A common protest heard from the asset poor is one of ‘no future’. The asset poor have few mechanisms available to them to build up assets which will enable them to secure viable futures. This applies especially to young adults who are not in receipt of intergenerational transfers of wealth. By contrast, the futures of the asset rich are guaranteed and underwritten by institutional mechanisms ensuring the growth of their assets (especially housing prices and superannuation)

This series of workshops will highlight how assets have replaced the wage and the wage earner as the key mechanisms of social reproduction and how they are serving to link pasts, presents and futures in novel ways.

Find out more.

Monday 15 April 2019
9.30am-4.30pm

Seminar Room 650
Social Sciences Building
Science Rd, The University of Sydney

Find out more and register.

In Australia, human capital theory informed the adoption of income-contingent loans on the part of a third-way Labour government and marked a turn-around from the labour-focused politics of a previous era toward a new vision of democratized asset investment.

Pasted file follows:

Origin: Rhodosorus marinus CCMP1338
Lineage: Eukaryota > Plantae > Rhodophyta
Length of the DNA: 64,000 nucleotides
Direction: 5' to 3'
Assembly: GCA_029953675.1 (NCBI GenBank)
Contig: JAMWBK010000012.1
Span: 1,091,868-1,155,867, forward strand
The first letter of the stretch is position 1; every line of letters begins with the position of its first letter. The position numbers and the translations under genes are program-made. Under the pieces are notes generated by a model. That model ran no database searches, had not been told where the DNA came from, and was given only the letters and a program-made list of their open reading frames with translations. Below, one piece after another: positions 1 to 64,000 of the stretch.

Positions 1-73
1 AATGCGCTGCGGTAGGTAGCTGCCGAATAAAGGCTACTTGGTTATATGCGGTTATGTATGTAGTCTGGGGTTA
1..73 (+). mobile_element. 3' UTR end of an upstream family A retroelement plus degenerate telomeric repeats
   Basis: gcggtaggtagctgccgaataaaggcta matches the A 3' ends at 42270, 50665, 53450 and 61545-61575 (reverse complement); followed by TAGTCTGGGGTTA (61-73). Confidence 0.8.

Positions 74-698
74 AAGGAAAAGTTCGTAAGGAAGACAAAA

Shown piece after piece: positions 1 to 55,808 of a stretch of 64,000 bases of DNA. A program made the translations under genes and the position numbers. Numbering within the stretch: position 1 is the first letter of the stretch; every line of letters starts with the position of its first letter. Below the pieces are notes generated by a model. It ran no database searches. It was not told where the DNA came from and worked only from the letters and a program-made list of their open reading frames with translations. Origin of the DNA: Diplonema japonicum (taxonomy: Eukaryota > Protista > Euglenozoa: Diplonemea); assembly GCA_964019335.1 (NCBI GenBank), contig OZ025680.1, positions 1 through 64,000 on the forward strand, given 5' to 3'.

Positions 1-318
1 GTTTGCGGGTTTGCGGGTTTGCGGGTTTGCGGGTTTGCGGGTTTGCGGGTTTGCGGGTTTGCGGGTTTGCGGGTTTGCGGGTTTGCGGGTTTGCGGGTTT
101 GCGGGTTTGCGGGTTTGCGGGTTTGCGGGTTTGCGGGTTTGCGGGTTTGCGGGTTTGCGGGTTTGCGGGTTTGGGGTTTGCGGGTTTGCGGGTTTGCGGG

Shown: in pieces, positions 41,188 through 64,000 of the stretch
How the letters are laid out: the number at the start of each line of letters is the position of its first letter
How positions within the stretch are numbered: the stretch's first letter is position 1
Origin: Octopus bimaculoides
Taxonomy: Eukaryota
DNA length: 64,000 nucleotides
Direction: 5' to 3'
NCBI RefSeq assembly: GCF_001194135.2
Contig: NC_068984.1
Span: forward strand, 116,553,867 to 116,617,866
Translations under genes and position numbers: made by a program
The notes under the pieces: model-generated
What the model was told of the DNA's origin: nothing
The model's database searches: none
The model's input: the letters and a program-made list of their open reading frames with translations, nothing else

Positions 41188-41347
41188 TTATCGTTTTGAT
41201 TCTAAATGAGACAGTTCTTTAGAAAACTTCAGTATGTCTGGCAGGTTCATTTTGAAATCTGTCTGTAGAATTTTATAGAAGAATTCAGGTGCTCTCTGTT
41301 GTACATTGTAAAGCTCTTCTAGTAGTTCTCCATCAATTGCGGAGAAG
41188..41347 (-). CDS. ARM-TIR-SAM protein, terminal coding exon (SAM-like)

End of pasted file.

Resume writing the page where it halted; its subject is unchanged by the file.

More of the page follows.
Yet the dream of moving beyond the limitations of wage labour through investments in human capital has not played out in quite the way that was expected. As higher education becomes a minimum threshold of attainment, expected rather than exceptional, the trade-off in terms of secure professional employment and higher wage returns is less certain than ever. As a category of “human” assets, higher education has rapidly depreciated in value. In the meantime, we are seeing the rapid proliferation of physical asset economies which have transformed the income-poor but asset-rich into small time “rentiers.”

Older Australians who benefited from housing inflation but are surviving on minimal incomes have taken to renting out rooms through Airbnb and other so-called sharing platforms as a way of earning a living. Uber represents another form of precarious rentierism in which the driver is not only performing a service but renting out an asset. These worker-rentier hybrids are becoming increasingly common and involve forms of insecurity that defy traditional categorisations of class.

This workshop will offer a series of presentations from Australian and international guests critically reflecting on such issues. Participants include Michel Feher, Kean Birch, Kylie Jarrett, Niels van Doorn, Sophia Maalsen, Guy Redden, Brett Neilson, Jim Stanford, Monique McKenzie, Jathan Sadowski, Lisa Adkins, Melinda Cooper and Martijn Konings.

Tuesday 16 April 2019
9am–3pm

Seminar Room 650
Social Sciences Building, Science Road
The University of Sydney

Find out more and register.

Gleebooks
Upstairs space
49 Glebe Point Rd, Glebe
6pm for 6.30 start

Join us as we launch three vital new works:

  • Michel Feher, Rated Agency: Investee Politics in a Speculative Age
  • Martijn Konings, Capital and Time
  • Lisa Adkins, The Time of Money

Find out more and register.

Tuesday 16 April 2019
3pm-5pm

Seminar Room 203